James Whale. Alfred Hitchcock. John Carpenter. Wes Craven. George Romero.
When people are asked to come up with their favorite or the most iconic filmmakers with a penchant for scaring the ever living hell out of their audience, these are the top of that greatest horror auteurs list. These are the cream of the bloody, gore filled crop, and yet there is one name that is sadly left of many a list.
Kino has recently released three Blu-rays from Spaghetti horror auteur and giallo icon Mario Bava. The man behind some of the most intriguing and visually enthralling horror films of his generation, Bava has become lesser known than some of his counter-parts, be it Argento or even Lucio Fulci, but while he’s rarely been as kinetic as the Suspiria filmmaker or as gore-loving as Fulci, there may not be a single more esoteric filmmaker in the genre.
The crown jewel of not only this collection of films found here in HD via Kino, but also of the director’s entire canon also happens to be his first feature. After ghost-directing a couple of films, he was finally given the keys to his own castle with the 1960 masterpiece Black Sunday. Telling the story of a woman who, a good two centuries earlier, is burned at the stake and condemned, but not before cursing those who did this to her. And as with any good curse, she spends the entirety of the film making good on that promise of death and destruction. In one of the most original and visually stunning horror films from the ‘˜60s, Black Sunday is truly one of the greatest horror films ever put to screen.
And it’s entirely because of Bava.
Starting off his career as a production designer, Bava’s greatest attribute is his eye for style, particularly the Gothic tinged aesthetic he would make truly famous. Very much similar in the length to which his films are driven by style to something like early German expressionism (think of this as a modern Gothic take on Caligari stylistically) the mood and atmosphere here are far more assured than a first time filmmaker would normally give his or her viewers. Featuring stunning black and white photography from Bava and Ubaldo Terzano, the film thrives when the lavish sets and top tier production design are allowed to be the main focus of the frame.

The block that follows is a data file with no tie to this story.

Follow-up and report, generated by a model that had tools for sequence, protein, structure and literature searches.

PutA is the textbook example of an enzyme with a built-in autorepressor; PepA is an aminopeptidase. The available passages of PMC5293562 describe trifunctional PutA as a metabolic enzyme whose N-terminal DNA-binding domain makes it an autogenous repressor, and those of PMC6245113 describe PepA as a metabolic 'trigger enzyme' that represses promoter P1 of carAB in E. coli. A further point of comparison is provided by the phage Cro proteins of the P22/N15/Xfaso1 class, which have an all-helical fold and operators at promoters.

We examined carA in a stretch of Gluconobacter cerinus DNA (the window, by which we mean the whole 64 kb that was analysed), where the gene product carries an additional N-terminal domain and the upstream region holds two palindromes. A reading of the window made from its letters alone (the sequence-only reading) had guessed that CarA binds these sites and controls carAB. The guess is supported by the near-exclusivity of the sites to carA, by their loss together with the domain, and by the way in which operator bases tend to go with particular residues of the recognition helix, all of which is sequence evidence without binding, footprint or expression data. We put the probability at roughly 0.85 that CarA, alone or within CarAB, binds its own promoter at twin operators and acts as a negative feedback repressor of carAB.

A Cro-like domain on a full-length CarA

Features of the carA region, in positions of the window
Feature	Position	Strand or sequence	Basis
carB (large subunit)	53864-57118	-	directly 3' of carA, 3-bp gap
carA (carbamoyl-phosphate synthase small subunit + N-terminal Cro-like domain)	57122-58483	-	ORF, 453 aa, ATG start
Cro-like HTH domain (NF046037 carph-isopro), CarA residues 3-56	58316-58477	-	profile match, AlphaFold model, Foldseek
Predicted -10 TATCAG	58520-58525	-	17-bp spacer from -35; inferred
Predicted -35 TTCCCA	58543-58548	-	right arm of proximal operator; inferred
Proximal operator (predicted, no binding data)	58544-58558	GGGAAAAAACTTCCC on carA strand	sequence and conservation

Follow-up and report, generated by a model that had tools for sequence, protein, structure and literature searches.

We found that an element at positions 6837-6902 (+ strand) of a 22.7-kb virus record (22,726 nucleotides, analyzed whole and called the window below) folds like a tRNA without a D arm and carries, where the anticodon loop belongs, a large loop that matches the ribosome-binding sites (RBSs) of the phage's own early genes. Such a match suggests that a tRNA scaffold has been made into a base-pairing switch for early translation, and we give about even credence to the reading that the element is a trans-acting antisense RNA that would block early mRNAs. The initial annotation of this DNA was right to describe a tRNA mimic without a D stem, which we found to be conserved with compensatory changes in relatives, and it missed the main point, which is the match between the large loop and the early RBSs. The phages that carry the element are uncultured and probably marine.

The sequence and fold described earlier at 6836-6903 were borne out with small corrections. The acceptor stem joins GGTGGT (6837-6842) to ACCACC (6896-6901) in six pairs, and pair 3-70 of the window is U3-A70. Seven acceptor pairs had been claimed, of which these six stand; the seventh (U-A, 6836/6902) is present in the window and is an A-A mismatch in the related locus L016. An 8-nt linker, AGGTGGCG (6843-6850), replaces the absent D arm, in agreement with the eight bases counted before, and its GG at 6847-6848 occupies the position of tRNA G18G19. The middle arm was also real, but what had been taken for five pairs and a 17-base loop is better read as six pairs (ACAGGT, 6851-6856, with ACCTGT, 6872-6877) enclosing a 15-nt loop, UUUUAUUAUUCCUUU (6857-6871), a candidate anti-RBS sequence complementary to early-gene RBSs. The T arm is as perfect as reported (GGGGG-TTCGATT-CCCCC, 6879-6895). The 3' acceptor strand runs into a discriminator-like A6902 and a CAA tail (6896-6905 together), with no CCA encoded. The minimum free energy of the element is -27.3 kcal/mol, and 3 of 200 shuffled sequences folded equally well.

A relatively simplistic narrative, the film offers up a great palette for Bava’s style to play off of, as well as a handful of really solid performances. The film stars the world shattering and gasp inspiring Barbara Steele as the witch at the center of the picture, as well as John Richardson, Andrea Checchi and Ivo Garrani all giving really great performances. The script, penned by Ennio De Concini and Mario Serandrei is deeply mood driven, offering up a standard horror narrative that is given vitality due to solid performances and a director who was ultimately never better than the first time he hopped behind the camera.
From the film’s opening sequence, still one of the most bombastic and chilling openers to any horror film, to the very last sequence, Black Sunday is every bit a mood piece as any horror film made before or after. Relying entirely upon an aesthetic of pure and icy chills, the film’s beautiful black and white photography and Bava’s definitive Gothi horror design makes Sunday one of the most underrated horror films of all time.
And that was just the beginning of Bava’s career.
When taking a deep look into Bava’s filmography, one notices the various quirks that prove just how particular and abstruse a filmmaker he was. Be it his great design pieces or his brilliant use of music (the aforementioned Sunday‘s score is still one of the greatest horror scores ever), there is one thing that becomes more apparent than most; his use of reflective surfaces, with no film being a better example of that than Hatchet For The Honeymoon.